In today’s Ag News Roundup, more wolf attacks prompt further pack thinning, grain inspection fees may be dropping soon, bears are abandoning salmon streams, a gypsy moth infestation in Washington state may be averted, and seabirds continue to disappear due to lack of food.
Four Wolf Attacks Over Eight Days Prompts Action
The Oregon Department of Fish and Wildlife (ODFW) has authorized the killing to two additional wolves from the Meacham pack in Umatilla County. The ODFW had killed three wolves this summer from the Harl Butte pack in Wallowa County after repeated attacks. Many farmers and ranchers in the area feel the department is not moving fast enough to control wolf populations.
Washington Department of Agriculture Hoping to Reduce Grain Inspection Fees
The Washington Department of Agriculture may be reducing grain inspection fees for exporters. Currently the fee is based on the program’s operating fund, whereas an exporter pays more if there is less money in the fund. A new rule will help the department reduce fees to benefit exporters.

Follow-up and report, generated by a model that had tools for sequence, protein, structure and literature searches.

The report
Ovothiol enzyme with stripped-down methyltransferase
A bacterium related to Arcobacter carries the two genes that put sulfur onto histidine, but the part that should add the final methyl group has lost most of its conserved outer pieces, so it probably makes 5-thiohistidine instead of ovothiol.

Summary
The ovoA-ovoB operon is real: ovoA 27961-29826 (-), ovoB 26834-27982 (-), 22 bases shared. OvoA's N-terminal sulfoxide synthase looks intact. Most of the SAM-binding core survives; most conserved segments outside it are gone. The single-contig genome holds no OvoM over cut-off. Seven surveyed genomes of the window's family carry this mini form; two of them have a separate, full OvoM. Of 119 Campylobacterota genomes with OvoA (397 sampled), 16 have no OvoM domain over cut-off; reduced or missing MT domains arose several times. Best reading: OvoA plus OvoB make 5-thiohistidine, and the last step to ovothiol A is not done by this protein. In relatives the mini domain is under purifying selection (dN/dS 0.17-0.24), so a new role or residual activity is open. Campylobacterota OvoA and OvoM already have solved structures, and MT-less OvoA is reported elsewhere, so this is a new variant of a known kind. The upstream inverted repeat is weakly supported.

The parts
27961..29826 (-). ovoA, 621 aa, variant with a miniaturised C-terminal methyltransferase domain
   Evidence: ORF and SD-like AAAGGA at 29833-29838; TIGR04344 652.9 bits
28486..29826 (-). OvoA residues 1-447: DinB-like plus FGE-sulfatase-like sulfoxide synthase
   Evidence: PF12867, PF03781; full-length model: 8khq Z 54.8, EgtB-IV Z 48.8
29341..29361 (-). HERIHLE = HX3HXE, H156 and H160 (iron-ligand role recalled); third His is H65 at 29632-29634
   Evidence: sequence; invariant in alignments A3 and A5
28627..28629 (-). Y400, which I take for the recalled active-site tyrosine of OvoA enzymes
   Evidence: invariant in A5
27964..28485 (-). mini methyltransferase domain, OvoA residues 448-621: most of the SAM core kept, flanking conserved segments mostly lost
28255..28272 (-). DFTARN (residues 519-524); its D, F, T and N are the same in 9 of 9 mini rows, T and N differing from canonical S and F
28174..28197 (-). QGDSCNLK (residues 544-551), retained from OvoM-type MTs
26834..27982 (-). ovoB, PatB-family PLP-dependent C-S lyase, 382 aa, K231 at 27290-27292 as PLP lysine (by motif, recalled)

Experts Say Kodiak Bears are Abandoning Salmon Streams
Researchers with Oregon State University’s College of Agricultural Sciences have found evidence that Kodiak bears are abandoning salmon streams due to changes in the climate. In a study published in the journal Proceedings of the National Academy of Sciences, bears left salmon to rot after spawning and instead went into nearby hills to feed on berries.
Female Gypsy Moths Found in Washington State
The Washington Department of Agriculture (WSDA) pest program has discovered actively reproducing female gypsy moths in the state. The team has found evidence of reproducing moths in the past, but the new find will help the department halt the egg-laying activity. It’s hoped that by eradicating the moths now the state can save money.
Seabirds Disappearing at a Significant Rate
A new Oregon State University study finds that nearly half of all marine birds that spend the summer in the Sound have decreased in population. The study has linked the decline to a steady reduction in fish and krill.